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Zach Shackelford, IOL, Texas

Shackelford is a solid mover, with a good anchor and good strength. Projecting his scheme fit is a bit difficult as he is a tweener in that respect. He lacks the strength and power to drive for gap/power schemes, and his lateral agility is lackluster for the zone scheme. Playing him at center is a must to limit the number of one-on-one matchups.

Larrell Murchison, DL, N.C. State

Teams are going to love the effort that Murchison brings every snap. He is a very athletic and explosive defensive lineman who does his best work shooting gaps to make plays. His lateral movement is great and he has good range to chase down from behind. What he does need to work on is getting stronger and getting his hands to be more effective, especially for instances when he doesn’t win with his athleticism.

Neville Gallimore, DL, Oklahoma

'Big', 'strong' and 'freaky athlete' are words that come to mind with Gallimore. He has plenty of strength to hold his own against double teams, and the athleticism to provide interior pressure. There is a concern about conditioning and his processing, but this season has provided some answers to those concerns.

Robert Landers, DL, Ohio State

Landers has a solid first step that allows him to shoot gaps, but he struggles when that doesn’t work. There are concerns with moving laterally or recovering from losing the rep early on. There is good strength to drop and anchor and he has a solid foundation in technique. He has been part of a deep depth chart, and that may be how he needs to be used in the NFL.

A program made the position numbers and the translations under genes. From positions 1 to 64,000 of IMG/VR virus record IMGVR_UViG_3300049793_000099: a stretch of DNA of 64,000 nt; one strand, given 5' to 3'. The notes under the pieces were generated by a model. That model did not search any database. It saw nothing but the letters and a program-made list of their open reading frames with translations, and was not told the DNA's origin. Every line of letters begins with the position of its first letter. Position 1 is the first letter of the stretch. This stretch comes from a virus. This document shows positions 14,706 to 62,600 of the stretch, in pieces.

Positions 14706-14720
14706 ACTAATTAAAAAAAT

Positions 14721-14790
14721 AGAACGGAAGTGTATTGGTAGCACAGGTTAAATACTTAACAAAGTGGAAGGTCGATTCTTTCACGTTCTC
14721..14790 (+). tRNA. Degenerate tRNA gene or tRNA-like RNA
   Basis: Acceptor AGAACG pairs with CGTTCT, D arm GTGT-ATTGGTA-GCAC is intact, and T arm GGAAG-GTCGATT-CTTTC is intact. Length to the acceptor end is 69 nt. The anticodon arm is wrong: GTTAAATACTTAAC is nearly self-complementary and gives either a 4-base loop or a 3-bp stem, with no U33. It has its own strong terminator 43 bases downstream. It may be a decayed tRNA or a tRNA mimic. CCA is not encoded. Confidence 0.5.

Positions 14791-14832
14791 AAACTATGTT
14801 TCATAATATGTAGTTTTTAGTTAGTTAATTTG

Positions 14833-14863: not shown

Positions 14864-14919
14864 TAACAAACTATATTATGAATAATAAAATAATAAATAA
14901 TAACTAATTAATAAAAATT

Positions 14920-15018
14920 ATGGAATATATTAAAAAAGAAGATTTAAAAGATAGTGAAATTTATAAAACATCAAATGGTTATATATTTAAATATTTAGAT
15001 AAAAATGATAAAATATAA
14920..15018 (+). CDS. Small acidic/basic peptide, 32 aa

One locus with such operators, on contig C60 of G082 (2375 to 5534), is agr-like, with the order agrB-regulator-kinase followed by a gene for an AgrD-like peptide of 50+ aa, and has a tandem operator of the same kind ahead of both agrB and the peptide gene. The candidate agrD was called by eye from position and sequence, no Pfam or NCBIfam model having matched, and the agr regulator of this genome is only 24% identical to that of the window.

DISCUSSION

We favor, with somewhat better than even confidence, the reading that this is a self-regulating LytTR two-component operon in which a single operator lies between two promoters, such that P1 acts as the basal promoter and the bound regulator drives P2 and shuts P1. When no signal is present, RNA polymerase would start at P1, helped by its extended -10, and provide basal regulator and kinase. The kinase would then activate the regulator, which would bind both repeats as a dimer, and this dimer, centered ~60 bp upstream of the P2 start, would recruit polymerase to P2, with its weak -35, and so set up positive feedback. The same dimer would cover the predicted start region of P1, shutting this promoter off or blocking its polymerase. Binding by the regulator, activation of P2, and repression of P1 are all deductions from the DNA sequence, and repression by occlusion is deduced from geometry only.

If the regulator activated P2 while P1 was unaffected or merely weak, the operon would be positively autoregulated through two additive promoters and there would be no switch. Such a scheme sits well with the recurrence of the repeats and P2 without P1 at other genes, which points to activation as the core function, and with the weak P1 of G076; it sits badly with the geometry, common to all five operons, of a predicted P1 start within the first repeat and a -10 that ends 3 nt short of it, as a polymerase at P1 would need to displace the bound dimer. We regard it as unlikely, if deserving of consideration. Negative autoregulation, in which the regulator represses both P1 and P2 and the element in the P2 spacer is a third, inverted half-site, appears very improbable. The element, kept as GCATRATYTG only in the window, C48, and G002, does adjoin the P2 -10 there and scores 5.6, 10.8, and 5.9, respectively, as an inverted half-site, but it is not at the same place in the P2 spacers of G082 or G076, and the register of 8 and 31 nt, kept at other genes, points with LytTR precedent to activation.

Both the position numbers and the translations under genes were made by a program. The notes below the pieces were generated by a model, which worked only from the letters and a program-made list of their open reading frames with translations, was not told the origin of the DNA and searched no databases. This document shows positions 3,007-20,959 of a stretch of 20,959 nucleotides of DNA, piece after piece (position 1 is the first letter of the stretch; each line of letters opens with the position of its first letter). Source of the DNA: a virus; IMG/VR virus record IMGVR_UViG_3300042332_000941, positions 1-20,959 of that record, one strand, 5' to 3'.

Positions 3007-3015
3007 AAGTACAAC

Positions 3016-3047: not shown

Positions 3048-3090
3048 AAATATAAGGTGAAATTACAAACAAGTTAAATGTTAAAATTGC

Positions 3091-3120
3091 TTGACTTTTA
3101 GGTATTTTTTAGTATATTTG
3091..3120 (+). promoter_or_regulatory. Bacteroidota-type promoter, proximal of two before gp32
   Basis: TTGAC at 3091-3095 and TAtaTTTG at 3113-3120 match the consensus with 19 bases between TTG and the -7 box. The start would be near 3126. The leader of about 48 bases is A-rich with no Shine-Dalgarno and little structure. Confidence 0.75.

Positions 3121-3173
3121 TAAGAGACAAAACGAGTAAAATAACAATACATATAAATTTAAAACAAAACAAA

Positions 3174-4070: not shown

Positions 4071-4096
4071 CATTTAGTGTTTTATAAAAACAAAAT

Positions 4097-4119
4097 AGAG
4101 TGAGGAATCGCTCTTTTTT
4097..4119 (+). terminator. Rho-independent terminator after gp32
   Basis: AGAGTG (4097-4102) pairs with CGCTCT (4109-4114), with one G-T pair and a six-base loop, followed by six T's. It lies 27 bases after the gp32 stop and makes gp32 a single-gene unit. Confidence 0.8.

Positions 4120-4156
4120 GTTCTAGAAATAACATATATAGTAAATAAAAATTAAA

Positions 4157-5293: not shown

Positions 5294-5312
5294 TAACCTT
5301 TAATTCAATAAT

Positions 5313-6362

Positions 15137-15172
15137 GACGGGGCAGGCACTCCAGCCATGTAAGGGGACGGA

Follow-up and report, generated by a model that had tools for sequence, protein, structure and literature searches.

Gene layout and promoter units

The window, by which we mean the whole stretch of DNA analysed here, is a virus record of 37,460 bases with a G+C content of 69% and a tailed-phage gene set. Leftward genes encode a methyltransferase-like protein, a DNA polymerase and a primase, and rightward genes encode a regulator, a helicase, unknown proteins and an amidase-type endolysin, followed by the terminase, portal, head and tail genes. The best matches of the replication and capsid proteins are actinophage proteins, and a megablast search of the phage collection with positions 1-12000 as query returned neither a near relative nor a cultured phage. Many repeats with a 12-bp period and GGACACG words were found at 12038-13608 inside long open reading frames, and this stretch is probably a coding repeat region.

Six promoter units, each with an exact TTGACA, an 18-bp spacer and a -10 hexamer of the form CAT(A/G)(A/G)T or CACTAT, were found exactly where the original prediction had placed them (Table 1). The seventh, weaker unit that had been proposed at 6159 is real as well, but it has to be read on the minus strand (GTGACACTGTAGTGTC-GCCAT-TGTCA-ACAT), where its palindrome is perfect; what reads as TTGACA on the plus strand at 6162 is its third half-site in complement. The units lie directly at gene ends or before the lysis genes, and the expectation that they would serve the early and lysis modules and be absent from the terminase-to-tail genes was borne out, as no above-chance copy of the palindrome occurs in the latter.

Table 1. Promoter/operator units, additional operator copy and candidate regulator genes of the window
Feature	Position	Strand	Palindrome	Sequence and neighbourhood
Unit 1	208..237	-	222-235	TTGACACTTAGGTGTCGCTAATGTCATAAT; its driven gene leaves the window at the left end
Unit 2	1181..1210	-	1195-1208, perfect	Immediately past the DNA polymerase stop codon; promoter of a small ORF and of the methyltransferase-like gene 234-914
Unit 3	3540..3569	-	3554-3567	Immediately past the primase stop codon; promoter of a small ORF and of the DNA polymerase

Alton Robinson, Edge, Syracuse

Being explosive off the snap makes him hard to contain on the edge for offensive tackles. Robinson combines that explosive first step with good length and power and he knows how to use both. There is a good understanding of playing the gaps, and he has a good processor to read the play and attack the proper gaps. His technique is lacking as he tends to rely more on the traits.

Yetur Gross-Matos, Edge, Penn State

His outstanding length is his best weapon and he knows how to use it. He won’t give up on plays and keeps fighting, and during that he keeps his pad level low, which isn’t common for college players. With his length, he has a good arsenal of pass-rushing moves that are even more effective. His processor isn’t the fastest, and he needs to get a lot stronger at the point of attack for the NFL. Right now he looks like just a pass rush specialist.